Uber Tricked Apple and Almost Got Kicked off App Store by Tim Cook
Uber geo-tagged the Apple headquarters to hoodwink the employees from noticing the tagging of iPhones.
Uber has not had the cleanest track record for a company of its size and stature since in early 2015, Apple CEO Tim Cook threatened the company to take it off the App Store after it was found to be violating privacy rules.
Travis Kalanick, head of the Silicon Valley giant, was secretly recording data from the customer’s iPhones, even after the app would be deleted, reports New York Times.
For months, the company’s employees were directed to camouflage the app from the engineers sitting at Apple, and continue with its questionable activities. These were a direct violation of the privacy guidelines of Apple, and this prompted Cook to call for a meeting with Kalanick, where he is reported to have said,
So, I’ve heard you’ve been breaking some of our rules.Tim Cook, Apple CEO
In the early 2015 meeting, Cook told Kalanick to stop the trickery, else his app would be booted off the App Store, which would result in loosing millions of iPhone customers, a loss of revenue so major, it could easily cause the company’s downfall.
In his quest for world domination, Kalanick has played grey areas, safety regulations and legal loopholes to his advantage in expanding Uber’s ever-growing presence to almost 70 countries, at a valuation of $70 billion presently, which doesn’t seem to be slowing down anytime soon.
Three Key Highlights in the NYT Report
1. Greyballing Law Enforcement
Uber has sidestepped the authorities by using a tool called Greyball – wherein they show a fake version of the app to some people for disguising the locations of cars and drivers.
It’s essentially geo-mapping locations where they know their app would be getting reviewed by law enforcement agencies, especially in areas where the services were deemed illegal.
The New York Times had reported on this in March, and the company said it will limit the employees from using the tool against law enforcement agencies.
2. Stealing Lyft’s Data
Uber has spent a lot of time, effort and money on one-upping their rivals, especially Lyft. Devoting an entire competitive intelligence team, it bought data from an analytics service called Slice Intelligence. Slice collected the Lyft receipts of customers from their inboxes, using an email digest service it owns called Unroll.me, and sold the anonymous data to Uber.
Apart from that, it asked its employees to book and cancel Lyft rides en masse while others were encouraged to take Lyft rides to persuade the drivers to switch to Uber.
Kalanick also got wind of his main competitor, launching the ‘pool’ system, which he then incorporated into Uber, two days before Lyft was to launch it.
Unroll.me CEO published a blogpost, defending its business practices, stating that Lyft receipts given to Uber were done for it to establish competitive, counter-models.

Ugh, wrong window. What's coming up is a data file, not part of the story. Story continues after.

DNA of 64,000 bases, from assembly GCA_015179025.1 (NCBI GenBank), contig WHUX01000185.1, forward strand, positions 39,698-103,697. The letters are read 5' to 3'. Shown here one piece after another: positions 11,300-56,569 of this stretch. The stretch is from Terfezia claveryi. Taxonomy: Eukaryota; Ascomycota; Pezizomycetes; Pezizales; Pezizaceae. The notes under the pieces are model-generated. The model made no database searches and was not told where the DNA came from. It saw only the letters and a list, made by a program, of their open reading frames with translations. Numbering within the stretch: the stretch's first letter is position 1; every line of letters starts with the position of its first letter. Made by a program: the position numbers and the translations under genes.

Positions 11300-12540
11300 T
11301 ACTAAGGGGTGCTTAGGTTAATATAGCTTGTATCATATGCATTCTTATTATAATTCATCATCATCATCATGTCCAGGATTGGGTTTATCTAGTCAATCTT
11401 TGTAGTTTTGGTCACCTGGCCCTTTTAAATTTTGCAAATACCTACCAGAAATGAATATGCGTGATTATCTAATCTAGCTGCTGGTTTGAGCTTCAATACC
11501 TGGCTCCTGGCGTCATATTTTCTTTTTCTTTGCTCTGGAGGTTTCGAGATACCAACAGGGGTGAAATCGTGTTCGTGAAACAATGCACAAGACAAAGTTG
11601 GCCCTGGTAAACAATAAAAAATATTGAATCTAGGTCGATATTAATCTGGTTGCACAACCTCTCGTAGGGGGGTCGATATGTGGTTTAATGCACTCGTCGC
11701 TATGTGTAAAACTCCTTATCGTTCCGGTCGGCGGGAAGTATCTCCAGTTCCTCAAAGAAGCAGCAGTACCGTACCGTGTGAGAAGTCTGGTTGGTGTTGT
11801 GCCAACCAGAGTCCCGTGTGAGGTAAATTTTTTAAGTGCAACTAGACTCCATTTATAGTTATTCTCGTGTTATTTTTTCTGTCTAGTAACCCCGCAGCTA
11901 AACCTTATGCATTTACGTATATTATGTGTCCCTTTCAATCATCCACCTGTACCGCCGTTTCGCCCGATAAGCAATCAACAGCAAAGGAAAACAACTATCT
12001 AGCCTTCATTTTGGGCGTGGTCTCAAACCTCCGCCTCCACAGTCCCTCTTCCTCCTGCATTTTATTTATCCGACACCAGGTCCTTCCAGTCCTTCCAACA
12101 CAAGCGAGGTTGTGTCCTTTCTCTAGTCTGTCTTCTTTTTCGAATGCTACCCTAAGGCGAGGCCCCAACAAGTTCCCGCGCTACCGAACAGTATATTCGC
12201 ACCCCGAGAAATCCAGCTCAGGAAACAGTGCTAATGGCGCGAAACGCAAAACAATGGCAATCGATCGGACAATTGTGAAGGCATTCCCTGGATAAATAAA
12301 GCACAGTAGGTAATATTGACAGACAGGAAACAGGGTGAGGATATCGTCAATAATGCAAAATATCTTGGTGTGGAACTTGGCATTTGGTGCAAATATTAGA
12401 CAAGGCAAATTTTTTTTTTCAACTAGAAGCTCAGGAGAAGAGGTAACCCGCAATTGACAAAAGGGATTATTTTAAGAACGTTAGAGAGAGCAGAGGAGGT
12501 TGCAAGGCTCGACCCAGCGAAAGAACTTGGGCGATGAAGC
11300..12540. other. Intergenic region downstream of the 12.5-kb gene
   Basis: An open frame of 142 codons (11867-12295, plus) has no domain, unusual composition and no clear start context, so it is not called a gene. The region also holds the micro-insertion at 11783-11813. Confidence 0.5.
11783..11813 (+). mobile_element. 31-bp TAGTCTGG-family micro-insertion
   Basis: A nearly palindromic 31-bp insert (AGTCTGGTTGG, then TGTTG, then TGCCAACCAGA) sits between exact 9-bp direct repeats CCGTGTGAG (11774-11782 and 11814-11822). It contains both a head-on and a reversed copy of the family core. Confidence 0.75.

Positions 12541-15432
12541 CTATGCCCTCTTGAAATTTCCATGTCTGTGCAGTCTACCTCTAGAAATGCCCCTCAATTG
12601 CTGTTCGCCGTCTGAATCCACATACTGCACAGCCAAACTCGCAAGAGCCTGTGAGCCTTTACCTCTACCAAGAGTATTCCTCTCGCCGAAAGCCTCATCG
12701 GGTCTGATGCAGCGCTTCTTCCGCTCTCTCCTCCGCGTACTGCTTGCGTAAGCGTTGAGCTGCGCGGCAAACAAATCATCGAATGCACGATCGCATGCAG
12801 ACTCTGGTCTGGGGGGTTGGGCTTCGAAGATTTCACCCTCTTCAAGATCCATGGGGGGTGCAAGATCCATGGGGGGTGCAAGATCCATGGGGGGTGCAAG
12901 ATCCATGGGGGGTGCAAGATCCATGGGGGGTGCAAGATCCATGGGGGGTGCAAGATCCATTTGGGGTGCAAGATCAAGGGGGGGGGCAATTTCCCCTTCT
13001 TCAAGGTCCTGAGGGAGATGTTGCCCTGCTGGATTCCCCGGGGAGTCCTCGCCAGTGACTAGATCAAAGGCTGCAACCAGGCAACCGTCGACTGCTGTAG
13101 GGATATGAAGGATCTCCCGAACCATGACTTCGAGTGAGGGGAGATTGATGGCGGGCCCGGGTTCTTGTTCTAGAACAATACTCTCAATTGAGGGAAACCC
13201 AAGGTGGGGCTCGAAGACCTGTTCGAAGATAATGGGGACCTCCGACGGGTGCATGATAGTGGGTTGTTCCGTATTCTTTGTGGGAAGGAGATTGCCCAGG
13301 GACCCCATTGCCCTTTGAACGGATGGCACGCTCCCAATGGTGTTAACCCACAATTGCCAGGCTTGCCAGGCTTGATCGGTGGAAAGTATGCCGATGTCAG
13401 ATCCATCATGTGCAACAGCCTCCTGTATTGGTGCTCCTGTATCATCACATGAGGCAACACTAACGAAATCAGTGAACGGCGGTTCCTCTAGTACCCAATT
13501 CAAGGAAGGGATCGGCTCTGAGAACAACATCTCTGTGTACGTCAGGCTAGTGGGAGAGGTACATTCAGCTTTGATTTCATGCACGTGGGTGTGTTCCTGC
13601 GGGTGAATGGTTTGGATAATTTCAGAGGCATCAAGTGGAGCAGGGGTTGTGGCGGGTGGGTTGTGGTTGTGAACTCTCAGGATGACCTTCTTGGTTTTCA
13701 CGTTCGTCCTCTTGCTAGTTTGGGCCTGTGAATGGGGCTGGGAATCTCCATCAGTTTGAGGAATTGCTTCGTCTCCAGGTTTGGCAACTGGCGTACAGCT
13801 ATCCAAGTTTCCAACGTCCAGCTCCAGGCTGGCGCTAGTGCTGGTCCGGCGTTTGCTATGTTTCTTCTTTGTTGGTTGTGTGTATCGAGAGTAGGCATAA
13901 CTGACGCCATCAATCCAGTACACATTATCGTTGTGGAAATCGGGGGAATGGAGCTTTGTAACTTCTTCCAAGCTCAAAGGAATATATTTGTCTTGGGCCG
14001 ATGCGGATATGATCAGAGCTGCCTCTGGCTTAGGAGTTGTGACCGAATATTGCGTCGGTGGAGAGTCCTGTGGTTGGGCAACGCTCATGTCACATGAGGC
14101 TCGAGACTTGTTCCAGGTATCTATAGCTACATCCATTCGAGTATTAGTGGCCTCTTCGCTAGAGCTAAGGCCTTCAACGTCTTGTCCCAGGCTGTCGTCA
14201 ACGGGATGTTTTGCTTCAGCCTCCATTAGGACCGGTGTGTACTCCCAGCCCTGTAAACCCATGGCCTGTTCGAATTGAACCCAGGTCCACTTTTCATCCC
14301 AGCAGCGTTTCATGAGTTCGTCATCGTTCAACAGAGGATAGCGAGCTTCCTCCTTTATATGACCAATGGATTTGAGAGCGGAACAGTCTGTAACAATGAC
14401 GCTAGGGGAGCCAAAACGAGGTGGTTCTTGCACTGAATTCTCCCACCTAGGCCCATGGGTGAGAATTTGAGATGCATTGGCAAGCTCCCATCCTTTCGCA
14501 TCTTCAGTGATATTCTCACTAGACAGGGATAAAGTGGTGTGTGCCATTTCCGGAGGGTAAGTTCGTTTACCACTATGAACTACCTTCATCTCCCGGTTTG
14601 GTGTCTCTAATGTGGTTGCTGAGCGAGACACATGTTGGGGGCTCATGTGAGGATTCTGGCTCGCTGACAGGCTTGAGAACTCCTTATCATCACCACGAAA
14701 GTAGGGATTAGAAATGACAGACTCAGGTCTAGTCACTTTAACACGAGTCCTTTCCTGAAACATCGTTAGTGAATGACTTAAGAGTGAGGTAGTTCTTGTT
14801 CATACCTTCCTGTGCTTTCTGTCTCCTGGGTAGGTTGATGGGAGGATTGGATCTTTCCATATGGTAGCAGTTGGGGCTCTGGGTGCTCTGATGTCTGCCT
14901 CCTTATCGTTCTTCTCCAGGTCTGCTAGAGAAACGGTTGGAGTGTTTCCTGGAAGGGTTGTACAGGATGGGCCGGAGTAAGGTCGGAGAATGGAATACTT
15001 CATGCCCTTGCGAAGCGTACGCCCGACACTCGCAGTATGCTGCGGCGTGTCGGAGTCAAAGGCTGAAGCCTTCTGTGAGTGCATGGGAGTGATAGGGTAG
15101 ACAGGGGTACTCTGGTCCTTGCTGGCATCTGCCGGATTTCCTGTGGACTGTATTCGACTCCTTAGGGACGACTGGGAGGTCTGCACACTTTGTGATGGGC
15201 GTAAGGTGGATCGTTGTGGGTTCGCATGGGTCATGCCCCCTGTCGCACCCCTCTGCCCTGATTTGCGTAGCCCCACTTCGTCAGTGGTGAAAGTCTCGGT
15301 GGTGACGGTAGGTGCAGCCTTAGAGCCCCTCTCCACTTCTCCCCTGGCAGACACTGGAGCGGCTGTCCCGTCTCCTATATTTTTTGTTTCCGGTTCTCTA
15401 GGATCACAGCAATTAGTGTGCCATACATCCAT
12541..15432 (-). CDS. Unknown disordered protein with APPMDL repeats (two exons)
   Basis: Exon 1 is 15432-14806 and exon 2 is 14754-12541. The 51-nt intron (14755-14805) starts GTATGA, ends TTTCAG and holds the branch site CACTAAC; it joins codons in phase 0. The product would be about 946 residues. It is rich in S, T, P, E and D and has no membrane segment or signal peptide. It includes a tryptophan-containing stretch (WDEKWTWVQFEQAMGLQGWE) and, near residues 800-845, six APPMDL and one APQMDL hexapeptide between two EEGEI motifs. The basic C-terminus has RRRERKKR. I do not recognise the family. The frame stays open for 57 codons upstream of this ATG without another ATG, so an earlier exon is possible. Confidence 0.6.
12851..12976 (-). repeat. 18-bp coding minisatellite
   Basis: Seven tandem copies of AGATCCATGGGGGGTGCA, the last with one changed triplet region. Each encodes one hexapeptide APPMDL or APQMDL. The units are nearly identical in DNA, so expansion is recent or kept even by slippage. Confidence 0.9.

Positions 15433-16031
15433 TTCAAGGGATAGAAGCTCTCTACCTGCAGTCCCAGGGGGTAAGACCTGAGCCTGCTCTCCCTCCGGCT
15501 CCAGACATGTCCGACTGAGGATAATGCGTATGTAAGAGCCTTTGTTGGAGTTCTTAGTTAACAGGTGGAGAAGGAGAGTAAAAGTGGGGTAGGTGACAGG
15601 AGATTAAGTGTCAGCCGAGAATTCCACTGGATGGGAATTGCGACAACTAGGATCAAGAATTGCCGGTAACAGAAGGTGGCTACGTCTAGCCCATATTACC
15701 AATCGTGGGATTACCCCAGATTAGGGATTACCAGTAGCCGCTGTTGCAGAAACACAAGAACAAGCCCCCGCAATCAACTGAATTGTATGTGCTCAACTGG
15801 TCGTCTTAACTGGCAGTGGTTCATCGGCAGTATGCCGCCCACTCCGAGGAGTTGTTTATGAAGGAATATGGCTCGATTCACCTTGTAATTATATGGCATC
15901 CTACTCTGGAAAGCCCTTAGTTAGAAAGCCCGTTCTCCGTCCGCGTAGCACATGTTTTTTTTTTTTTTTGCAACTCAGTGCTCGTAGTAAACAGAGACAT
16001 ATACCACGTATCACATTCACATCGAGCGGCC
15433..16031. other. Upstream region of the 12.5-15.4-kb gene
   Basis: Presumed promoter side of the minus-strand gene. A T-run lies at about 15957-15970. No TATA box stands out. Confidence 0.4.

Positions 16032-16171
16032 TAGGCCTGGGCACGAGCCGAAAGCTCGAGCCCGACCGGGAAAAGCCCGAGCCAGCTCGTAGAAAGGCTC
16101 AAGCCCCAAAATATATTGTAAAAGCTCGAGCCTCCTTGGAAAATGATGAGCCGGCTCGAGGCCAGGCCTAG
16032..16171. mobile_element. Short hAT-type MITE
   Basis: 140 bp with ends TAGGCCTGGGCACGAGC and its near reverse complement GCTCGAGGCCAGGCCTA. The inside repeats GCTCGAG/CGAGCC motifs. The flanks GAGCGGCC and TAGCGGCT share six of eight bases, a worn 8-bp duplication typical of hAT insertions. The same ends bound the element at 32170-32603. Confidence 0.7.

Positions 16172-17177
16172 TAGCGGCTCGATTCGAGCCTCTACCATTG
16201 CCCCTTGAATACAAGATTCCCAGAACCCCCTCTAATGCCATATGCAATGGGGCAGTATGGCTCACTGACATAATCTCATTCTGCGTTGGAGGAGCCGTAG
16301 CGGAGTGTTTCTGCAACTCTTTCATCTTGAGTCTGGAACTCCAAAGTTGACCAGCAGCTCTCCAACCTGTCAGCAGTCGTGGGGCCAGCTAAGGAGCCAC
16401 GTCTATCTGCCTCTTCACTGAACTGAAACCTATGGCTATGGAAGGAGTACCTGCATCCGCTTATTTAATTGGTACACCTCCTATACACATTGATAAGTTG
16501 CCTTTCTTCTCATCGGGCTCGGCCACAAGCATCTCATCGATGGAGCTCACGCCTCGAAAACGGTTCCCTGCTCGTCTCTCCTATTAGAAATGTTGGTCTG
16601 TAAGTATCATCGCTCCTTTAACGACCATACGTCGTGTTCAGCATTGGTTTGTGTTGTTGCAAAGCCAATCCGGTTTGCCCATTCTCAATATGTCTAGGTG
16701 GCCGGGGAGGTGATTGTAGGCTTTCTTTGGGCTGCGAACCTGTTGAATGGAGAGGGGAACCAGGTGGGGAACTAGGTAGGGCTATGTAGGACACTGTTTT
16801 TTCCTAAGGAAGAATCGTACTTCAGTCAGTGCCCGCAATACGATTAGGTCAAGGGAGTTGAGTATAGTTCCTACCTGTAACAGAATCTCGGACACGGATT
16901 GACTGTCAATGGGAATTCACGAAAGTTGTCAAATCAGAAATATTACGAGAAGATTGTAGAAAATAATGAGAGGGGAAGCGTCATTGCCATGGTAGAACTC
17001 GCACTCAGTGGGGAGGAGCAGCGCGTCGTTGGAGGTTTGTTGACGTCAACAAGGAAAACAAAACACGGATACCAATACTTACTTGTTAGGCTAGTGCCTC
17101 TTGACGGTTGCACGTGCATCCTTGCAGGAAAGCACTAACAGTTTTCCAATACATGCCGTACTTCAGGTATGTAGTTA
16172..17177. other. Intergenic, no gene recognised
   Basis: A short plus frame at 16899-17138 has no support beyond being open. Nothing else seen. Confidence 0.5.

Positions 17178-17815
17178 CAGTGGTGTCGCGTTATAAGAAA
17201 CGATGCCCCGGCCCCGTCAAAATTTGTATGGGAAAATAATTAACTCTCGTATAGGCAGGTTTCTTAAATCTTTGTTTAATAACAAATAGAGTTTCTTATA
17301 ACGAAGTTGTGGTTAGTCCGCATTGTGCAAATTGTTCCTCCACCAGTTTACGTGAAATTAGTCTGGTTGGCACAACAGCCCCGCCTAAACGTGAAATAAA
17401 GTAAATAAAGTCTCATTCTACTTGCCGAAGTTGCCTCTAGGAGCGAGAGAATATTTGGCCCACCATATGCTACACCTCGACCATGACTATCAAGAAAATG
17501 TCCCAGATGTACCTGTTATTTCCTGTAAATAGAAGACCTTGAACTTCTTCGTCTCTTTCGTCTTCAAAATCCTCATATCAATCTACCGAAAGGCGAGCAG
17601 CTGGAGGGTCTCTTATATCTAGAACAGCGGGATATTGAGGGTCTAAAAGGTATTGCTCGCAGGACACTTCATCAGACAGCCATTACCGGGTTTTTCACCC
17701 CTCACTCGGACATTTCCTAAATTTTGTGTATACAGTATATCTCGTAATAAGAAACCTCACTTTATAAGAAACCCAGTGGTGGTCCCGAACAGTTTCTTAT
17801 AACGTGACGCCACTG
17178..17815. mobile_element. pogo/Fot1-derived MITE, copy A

3. Geo-Fencing Apple
Uber was handling widespread fraud in places like China in 2014. Drivers were creating new profiles, fake email addresses, and requesting dozens of rides from the phones. Since Uber works on an incentive model, the more rides a driver clocked in, the more incentives they earned.
To halt this, they attached a persistent identity to iPhones with a small piece of code, a practice termed “fingerprinting”. This is when they started fooling Apple, as Uber could identify an iPhone, and prevent it from being fooled, even after the contents of the phone were wiped.
But, this broke Apple's cardinal privacy rule – the belief that an iPhone should bear no trace of the owner once it was wiped.
So, Uber "geo-fenced" the Apple headquarters in California, digitally identifying those who would be reviewing Uber's software in a specific locations. Those in the geo-fenced location would not be able to see the code, and Apple's employees were kept in the dark about the fingerprinting.
That 2015 meeting reportedly shook the Uber chief, according to those who saw him walk out of it.
After the New York Times article was published, Uber responded to TechCrunch, saying they have not flouted any privacy rules.
We absolutely do not track individual users or their location if they’ve deleted the app. As the New York Times story notes towards the very end, this is a typical way to prevent fraudsters from loading Uber onto a stolen phone, putting in a stolen credit card, taking an expensive ride and then wiping the phone—over and over again. Similar techniques are also used for detecting and blocking suspicious logins to protect our users’ accounts. Being able to recognise known bad actors when they try to get back onto our network is an important security measure for both Uber and our users
Uber said it still uses a form of fingerprinting for detecting fraudulent activities. If a device has been associated with fraud in the past, a red-flag should be raised at the time of signing up. A spokesperson for the company said they have modified their practice to comply with the Apple guidelines rather than doing away with it in totality.
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